Rail traffic bounces back (and stays back)

Posted by Fred Frailey
on Thursday, April 15, 2010

The economists who officially date the start and finish of recessions know when The Big One began. That would be December 2007, when the previous economic expansion topped out. But the group, called the Business Cycle Dating Committee of the National Bureau of Economic Research, says it’s still too soon to declare that recession over. While they dither, I’ve got news: The nation’s railroads are back in business, big time.
Latest data, covering the week ending Saturday, April 10, again confirms a strong up-trend that began seven weeks ago, when the number of originated carloads started topping 375,000 consistently. The improvement in carload freight follows that of intermodal units, which began improving last November. This data, reported by ASI/Transwatch, is collected by the Association of American Railroads.
What I did, to smooth out the numbers and reduce anomalies, was compare the averages for the past four weeks with averages for the same four weeks in 2009. Here’s the percentage improvement versus the past year for the seven North American Class 1 railroads and Mexico’s two biggest carriers:
CSX                                                2.5%
Norfolk Southern                  17.5%
BNSF Railway                          12.2%
Kansas City Southern           14.8%
Union Pacific                           14.1%
Canadian National                21.9%
Canadian Pacific                    23.9%
Ferrocarril Mexicano           33.4%
KCS de Mexico                       24.7%
The Mexican economy truly tanked in 2009, which explains why Ferrocarril Mexicano and Kansas City Southern de Mexico made such gains this year. I asked railroad consultant and TRAINS author Roy Blanchard why the two Canadian-based railroads scored such big traffic pickups. Roy’s explanation: “From the financial press, I sense that the Canadian government is doing a much better job of running their country than the U.S. government is. Banks are stronger and so is the Canadian economy. That’s what I ascribe it to.” In the eastern U.S., CSX simply has not revived its business volume to the extent that rival Norfolk Southern has. NS and Union Pacific were hurt last year by the collapse of automobile sales, but benefited from the revival of that industry in 2010; they are the dominant carriers of new cars in the east and west, respectively.

Short line traffic trends are not collected by AAR. But RMI's RailConnect index of short line traffic for the week of April 10 was up 20.6 percent from a year ago. Meanwhile, the two biggest short line conglomerates both reported higher carloads for March, compared with a year earlier; Genesee & Wyoming's loadings rose 6.9 percent and RailAmerica's 8.7 percent.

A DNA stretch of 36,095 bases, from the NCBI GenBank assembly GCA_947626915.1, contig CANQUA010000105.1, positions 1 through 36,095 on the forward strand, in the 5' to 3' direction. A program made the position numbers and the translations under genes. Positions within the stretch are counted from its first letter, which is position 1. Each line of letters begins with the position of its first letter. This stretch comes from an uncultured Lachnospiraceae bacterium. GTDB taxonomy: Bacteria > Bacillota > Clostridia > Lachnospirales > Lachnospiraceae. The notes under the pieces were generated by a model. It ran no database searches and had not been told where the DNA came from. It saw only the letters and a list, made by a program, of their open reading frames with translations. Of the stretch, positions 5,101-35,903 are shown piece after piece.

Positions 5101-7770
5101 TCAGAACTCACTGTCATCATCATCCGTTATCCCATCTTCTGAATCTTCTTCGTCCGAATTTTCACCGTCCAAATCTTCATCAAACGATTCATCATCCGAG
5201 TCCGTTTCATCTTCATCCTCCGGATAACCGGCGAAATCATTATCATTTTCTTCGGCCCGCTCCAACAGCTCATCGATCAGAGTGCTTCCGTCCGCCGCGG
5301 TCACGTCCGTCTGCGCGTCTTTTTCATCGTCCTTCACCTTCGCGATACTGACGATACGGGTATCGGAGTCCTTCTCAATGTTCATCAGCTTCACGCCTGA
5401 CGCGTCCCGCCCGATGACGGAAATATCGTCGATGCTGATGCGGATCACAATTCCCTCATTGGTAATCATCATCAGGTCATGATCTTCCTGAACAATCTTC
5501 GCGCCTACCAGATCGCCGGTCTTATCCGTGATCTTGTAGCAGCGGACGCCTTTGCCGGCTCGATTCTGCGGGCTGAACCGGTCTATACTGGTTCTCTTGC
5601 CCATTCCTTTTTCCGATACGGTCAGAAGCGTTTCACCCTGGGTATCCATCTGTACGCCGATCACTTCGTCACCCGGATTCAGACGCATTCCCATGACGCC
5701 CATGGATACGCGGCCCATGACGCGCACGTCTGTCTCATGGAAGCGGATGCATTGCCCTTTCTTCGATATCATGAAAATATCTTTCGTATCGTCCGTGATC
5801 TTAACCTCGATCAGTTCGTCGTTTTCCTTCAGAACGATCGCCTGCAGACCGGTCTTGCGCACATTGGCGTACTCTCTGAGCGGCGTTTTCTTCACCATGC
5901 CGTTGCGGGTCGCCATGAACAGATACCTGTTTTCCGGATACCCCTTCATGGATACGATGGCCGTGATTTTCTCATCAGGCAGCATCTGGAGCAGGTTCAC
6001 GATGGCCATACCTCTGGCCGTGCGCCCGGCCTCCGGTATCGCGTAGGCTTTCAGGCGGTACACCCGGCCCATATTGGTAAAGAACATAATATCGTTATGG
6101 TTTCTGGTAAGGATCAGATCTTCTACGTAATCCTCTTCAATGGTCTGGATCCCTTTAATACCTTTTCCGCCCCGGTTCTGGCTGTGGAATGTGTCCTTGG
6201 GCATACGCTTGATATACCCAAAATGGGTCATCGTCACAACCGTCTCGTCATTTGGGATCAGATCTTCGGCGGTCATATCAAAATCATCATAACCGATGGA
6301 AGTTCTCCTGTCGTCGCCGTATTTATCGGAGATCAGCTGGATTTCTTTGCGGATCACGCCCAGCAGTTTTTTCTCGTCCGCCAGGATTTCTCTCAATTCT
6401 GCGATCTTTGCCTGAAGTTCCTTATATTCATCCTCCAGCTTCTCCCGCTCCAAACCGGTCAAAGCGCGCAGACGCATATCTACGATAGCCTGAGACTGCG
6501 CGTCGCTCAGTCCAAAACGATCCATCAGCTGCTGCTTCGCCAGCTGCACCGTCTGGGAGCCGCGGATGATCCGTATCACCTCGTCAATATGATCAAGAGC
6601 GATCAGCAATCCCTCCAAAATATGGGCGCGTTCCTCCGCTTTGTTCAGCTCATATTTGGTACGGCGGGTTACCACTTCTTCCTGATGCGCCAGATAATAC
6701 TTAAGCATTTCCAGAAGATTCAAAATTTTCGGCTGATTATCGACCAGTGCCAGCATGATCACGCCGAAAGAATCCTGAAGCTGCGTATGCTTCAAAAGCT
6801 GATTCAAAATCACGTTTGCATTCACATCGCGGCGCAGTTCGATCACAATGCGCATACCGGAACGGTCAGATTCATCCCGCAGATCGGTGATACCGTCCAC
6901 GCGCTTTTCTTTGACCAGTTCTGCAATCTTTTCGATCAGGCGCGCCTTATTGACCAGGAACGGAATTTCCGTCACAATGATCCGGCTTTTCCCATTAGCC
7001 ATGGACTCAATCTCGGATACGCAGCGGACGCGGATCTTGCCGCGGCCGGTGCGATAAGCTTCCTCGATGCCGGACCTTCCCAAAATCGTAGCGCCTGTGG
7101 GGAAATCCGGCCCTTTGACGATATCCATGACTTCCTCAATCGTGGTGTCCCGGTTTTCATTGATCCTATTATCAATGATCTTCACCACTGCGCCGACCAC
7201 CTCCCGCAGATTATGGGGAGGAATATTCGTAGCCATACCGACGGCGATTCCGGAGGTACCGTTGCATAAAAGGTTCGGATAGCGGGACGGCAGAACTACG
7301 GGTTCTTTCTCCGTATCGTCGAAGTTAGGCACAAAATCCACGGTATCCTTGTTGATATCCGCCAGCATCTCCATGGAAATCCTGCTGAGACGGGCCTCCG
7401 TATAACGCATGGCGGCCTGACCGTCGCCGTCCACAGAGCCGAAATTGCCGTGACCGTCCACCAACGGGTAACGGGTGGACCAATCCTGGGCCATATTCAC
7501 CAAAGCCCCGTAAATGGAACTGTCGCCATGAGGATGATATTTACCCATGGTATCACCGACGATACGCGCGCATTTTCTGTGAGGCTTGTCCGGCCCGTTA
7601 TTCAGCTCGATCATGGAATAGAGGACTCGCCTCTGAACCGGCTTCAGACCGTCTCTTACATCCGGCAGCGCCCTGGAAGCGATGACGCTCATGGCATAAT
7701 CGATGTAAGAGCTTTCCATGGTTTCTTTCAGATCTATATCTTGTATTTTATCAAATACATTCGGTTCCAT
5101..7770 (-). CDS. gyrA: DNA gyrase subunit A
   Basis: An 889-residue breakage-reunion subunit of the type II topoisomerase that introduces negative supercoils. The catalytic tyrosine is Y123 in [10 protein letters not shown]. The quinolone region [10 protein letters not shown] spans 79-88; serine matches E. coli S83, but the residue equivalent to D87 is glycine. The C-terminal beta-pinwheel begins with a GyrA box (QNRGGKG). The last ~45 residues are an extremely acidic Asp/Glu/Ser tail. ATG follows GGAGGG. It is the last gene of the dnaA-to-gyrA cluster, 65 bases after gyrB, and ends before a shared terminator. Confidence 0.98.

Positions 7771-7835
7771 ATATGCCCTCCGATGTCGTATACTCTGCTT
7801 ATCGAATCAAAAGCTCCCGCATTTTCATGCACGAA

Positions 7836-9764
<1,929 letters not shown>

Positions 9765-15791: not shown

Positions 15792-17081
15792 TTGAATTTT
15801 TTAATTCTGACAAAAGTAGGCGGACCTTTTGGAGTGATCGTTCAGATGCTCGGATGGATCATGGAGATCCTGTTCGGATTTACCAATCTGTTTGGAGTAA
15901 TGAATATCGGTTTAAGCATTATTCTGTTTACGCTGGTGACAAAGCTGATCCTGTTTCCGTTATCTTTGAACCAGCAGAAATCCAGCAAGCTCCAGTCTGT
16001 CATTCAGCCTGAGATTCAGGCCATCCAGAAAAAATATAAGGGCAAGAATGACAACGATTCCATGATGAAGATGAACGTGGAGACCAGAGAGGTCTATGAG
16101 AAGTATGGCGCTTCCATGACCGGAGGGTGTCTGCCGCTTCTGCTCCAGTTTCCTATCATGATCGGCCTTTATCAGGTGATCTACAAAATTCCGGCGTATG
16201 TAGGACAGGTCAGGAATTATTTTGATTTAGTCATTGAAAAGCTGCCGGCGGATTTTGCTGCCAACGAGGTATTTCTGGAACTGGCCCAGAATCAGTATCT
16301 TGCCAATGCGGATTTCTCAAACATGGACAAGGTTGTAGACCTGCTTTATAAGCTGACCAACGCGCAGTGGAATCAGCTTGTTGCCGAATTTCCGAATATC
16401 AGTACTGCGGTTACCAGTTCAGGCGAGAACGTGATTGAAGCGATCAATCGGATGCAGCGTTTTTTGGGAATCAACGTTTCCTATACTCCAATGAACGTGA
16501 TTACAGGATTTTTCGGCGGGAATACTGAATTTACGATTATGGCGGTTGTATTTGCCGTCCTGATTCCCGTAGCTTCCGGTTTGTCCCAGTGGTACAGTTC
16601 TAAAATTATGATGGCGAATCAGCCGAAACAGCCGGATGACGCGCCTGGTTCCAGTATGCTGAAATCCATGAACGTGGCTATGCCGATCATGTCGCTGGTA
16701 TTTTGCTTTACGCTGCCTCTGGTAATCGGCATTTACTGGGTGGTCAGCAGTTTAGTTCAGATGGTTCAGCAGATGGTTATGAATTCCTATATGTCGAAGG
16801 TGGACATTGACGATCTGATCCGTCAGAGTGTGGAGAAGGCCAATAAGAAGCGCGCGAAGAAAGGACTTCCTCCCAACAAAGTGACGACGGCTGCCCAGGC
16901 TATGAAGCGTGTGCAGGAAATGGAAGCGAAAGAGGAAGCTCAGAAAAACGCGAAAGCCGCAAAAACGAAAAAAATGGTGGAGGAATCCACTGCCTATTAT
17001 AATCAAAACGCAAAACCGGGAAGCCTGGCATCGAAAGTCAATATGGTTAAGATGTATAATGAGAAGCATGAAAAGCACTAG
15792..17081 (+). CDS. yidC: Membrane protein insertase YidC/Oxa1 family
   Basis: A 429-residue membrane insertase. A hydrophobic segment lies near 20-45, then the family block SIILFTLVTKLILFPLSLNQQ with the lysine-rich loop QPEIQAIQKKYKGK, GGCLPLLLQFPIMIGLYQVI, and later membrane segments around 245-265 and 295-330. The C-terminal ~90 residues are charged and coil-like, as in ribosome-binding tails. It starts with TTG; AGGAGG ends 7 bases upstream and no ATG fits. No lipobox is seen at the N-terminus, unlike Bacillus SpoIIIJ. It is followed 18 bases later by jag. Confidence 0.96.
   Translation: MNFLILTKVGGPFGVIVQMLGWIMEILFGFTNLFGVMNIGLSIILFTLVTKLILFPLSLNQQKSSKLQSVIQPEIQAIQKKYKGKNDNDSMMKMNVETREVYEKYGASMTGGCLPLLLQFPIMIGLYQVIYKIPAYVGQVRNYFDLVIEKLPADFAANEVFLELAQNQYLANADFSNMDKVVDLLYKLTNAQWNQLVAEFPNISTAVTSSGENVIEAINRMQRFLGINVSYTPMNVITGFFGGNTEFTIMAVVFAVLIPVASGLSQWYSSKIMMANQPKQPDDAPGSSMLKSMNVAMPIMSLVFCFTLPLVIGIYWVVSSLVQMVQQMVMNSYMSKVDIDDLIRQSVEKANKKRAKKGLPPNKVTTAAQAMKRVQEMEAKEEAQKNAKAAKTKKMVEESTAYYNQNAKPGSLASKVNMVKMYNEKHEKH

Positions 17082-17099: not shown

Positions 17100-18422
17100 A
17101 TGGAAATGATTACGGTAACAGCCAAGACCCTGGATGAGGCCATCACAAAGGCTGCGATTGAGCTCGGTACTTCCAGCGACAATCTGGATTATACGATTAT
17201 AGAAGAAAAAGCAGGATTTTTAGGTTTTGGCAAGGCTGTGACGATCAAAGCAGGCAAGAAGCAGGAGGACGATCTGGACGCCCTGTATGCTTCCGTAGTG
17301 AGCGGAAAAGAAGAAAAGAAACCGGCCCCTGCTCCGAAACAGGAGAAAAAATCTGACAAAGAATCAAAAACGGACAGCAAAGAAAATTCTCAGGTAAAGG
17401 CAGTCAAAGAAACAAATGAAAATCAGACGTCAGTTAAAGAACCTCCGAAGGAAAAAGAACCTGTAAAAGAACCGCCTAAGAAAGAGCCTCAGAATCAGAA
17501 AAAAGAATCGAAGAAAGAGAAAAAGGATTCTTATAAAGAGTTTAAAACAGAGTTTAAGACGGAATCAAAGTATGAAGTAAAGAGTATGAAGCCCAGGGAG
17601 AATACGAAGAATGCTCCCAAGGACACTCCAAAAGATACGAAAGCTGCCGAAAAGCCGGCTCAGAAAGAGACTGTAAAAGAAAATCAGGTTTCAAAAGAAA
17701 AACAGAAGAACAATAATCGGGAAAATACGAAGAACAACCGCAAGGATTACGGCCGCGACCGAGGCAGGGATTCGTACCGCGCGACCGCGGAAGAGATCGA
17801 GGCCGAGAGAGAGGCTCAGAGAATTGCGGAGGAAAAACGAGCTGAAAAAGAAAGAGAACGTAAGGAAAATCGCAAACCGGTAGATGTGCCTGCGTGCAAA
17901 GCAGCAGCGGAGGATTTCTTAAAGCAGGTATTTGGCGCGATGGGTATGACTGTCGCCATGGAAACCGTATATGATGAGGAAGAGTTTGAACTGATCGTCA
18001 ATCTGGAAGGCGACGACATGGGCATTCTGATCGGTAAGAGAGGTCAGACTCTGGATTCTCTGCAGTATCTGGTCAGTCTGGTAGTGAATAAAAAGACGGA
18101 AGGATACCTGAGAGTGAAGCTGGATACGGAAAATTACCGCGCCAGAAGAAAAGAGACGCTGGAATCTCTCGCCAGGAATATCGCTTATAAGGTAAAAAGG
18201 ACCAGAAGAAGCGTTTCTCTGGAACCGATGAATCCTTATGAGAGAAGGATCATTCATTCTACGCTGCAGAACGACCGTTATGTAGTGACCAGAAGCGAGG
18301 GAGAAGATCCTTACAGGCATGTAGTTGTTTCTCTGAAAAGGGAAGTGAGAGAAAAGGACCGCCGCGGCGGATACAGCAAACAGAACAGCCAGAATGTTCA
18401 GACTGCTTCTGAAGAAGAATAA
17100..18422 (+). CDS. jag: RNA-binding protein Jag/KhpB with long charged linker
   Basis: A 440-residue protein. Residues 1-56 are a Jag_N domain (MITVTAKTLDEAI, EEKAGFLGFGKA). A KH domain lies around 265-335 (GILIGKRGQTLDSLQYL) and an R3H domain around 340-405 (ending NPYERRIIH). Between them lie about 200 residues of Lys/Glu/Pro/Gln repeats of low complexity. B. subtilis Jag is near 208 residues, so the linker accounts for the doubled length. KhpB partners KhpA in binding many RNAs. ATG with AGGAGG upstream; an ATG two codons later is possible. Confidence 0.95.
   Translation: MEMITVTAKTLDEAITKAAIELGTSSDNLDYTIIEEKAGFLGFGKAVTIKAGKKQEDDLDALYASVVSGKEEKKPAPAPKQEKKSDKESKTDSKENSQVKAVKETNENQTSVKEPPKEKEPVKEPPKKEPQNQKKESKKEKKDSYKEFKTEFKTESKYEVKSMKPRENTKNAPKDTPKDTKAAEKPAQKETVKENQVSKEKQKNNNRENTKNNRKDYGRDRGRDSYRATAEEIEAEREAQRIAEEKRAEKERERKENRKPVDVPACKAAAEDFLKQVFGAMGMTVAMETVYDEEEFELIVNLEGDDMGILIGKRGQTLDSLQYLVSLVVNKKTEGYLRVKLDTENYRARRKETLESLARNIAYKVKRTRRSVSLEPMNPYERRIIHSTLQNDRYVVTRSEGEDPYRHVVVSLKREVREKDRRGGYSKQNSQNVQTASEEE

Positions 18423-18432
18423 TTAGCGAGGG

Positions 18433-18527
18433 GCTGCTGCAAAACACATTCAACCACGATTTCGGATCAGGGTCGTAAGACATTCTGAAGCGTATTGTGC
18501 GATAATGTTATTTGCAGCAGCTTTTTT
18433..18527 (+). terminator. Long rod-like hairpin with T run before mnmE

All of these improvements point to the possibility of a faster rebound for the economy in general and railroads in particular than had generally been expected. Instead of an L-shaped recovery, in other words, we may see one that more strongly resembles a V. Such was the tone of a front-page analysis April 15 in the Wall Street Journal, which pulled together a number of favorable economic indicators, including a nice rise in retail sales and signs of a strong first-quarter performance by the financial sector. Granted, financial companies are not railroad customers. But the stunning setbacks of banking and securities businesses in 2008 fed the fires of the recession and cut off credit to borrowers everywhere. Better times for financial companies auger well for their customers.
It’s important to note that while volumes are up sharply from a year ago, they remain well below the same four weeks of 2008, before the recession really began to take hold. This table compares the four weeks through April 10, 2010, to the same weeks of 2008 and notes the declines:
CSX                                        -19.1%
Norfolk Southern            -14.7%
BNSF Railway                       -8.8%
Kansas City Southern     -11.3%
Union Pacific                      -13.1%
Canadian National           -10.2%
Canadian Pacific                 -6.9%
Ferrocarril Mexicano         7.2%
KCS de Mexico                  -14.8%
That’s correct, Ferrocarril Mexicano is already in positive territory versus 2008. Among the Class 1s, Canadian Pacific and BNSF Railway have the least ground to make up, and the two eastern railroad the most.
Looking at commodity groups, the biggest declines between 2008 and 2010 are forest products (down 30 percent) and motor vehicles (down 26 percent). With housing starts still anemic, the near-term outlook for forest products doesn’t appear good. The smallest declines are intermodal (down 8 percent) and, in a tie, food products, grains, and chemicals/petroleum (each down 7 percent).
Going forward, the operating challenge for railroads will be bringing the people and locomotive and freight car fleets back to service in tune with rising demand. It’s not easy, either. At least one Class I railroad, slow to delve into its lines of stored locomotives, was recently reported chronically short of serviceable power for its trains. — Fred W. Frailey

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